Next came the appetizers. We were just dishing up, when literally about 45 seconds later, our entrées arrived. Our table was suddenly chock full of food. Our original server stopped by and asked if everything was OK, and I made an offhand remark, something to the effect that, yes, everything was fine, except that we were surprised to get everything at once.

About a minute later, the manager showed up, introduced himself and apologized for the fact that we didn't get a chance to enjoy the appetizers, adding that he'd removed them from the check. Seeing as the appetizers came to almost $24, that was no small write-off.

The food itself was pretty good--not amazing, but decent. Garrett and I disagreed about the ahi tuna rolls; they didn't do anything for him (Garrett felt that the tuna didn't stand out), but I thought they were rather tasty, albeit too greasy. The crab cakes were both delicious and tender. One of the two crab cake sauces--described as a mustard aioli--worked well. The other, described as a cilantro aioli, was gross and did not go with the flavor of the crab at all.

The entrées were also passable, if not spectacular. My baby-back pork ribs, coated with sweet, tangy barbecue sauce, were delicious; on the flip side, my half-chicken was dry and mostly flavorless. (I ate less than half of each and took the rest home.) My accompanying baked potato was prepared well, but missing the promised chives. Garrett's chicken was also dry, but the sour cream and mushroom sauce made up for that flaw, Garrett said. His mashed potatoes were bland, though he liked the inclusion of the potato skins.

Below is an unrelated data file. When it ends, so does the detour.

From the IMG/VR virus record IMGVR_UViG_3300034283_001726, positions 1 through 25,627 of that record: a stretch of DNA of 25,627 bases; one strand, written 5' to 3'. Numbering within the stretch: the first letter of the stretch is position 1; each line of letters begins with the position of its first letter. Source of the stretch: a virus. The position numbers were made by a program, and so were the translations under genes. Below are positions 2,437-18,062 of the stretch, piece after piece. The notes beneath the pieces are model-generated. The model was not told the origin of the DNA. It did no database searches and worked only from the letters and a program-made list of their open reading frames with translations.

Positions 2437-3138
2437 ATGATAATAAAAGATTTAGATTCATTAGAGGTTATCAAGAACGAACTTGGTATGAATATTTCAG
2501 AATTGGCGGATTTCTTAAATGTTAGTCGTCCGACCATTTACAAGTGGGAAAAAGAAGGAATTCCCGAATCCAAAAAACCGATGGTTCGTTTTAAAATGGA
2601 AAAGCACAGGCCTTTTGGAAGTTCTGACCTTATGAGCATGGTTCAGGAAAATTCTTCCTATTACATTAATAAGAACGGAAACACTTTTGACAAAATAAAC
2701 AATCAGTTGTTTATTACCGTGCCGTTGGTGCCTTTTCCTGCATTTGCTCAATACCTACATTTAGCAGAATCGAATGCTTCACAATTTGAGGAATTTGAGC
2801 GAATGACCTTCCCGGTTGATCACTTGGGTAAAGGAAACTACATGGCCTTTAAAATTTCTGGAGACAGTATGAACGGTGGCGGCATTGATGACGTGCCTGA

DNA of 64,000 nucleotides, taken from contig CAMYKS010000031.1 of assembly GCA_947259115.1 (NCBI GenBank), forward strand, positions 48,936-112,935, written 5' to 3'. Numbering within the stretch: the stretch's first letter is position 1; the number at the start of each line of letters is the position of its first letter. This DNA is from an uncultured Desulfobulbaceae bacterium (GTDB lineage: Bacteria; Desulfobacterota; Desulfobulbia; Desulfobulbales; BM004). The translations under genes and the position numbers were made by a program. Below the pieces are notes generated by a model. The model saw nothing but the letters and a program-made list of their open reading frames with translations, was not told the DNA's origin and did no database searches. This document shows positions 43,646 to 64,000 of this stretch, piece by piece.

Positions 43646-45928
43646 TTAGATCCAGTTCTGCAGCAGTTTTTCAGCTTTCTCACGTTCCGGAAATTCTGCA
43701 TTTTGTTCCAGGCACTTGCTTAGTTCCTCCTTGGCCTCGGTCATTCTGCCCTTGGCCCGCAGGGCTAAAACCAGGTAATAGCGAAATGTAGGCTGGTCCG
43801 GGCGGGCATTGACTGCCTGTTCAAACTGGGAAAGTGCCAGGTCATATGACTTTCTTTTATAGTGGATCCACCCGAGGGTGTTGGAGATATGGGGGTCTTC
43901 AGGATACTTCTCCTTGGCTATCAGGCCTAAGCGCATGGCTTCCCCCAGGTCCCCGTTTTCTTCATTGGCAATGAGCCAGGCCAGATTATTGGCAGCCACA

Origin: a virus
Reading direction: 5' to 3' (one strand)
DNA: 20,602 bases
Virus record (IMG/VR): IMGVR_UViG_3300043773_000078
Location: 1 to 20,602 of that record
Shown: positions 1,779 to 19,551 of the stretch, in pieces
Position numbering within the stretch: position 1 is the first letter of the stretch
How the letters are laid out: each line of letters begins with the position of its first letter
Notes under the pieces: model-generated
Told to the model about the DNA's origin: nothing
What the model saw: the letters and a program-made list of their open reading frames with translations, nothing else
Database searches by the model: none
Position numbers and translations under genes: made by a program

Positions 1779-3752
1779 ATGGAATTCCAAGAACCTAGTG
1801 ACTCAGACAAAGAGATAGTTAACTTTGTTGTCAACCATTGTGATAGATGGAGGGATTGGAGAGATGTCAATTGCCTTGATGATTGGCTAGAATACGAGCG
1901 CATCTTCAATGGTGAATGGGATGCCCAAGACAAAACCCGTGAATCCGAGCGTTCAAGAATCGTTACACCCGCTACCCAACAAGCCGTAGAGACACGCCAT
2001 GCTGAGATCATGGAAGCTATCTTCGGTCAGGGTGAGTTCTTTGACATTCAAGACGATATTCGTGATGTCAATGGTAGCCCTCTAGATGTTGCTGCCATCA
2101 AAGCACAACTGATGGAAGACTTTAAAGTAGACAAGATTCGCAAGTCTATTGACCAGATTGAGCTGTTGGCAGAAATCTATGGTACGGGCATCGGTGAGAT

Already stuffed, Garrett and I ordered dessert, in the spirit of research. Be warned: The desserts are gargantuan, too. Four people could split some of them, with leftovers remaining. Garrett ordered the chocolate motherlode cake ($7.95, a six-layer cake), and I ordered the "I delclair," a football-sized éclair smothered in chocolate sauce and whipped cream and placed on a bed of vanilla bean ice cream ($7.95). Garrett ate maybe a fifth of his sweet, moist cake; I ate an eighth or so of the yummy éclair. We carried the rest as we waddled home.

We returned for lunch on a recent Saturday, and found the exact same combination: a wait (estimated to be 10-15 minutes, but we only actually waited about five), fantastic service and so-so food. Garrett's half-sandwich and appetizer salad ($11.95) earned mixed reviews: Garrett loved the hearts of romaine salad (with bleu cheese, bacon bits, toasted walnuts and

herb balsamic vinaigrette), but was lukewarm on his bland cashew chicken sandwich (basically a chicken salad sandwich with curry mayo). He was happy with the on-the-side Thai slaw, though. I was split on my soup and appetizer salad ($11.95): The tomato, mozzarella and bleu stack was delectable, with juicy beefsteak tomato slices propping up the cheeses and vinaigrette dressing. But the baked potato cheddar soup was unremarkable and a bit bland.

And that's the Claim Jumper story in a nutshell: So-so food, freakish portions and probably at least a brief wait, with some of the best service in town making it all worthwhile. Some local restaurateurs may want to visit and take a few service-related notes.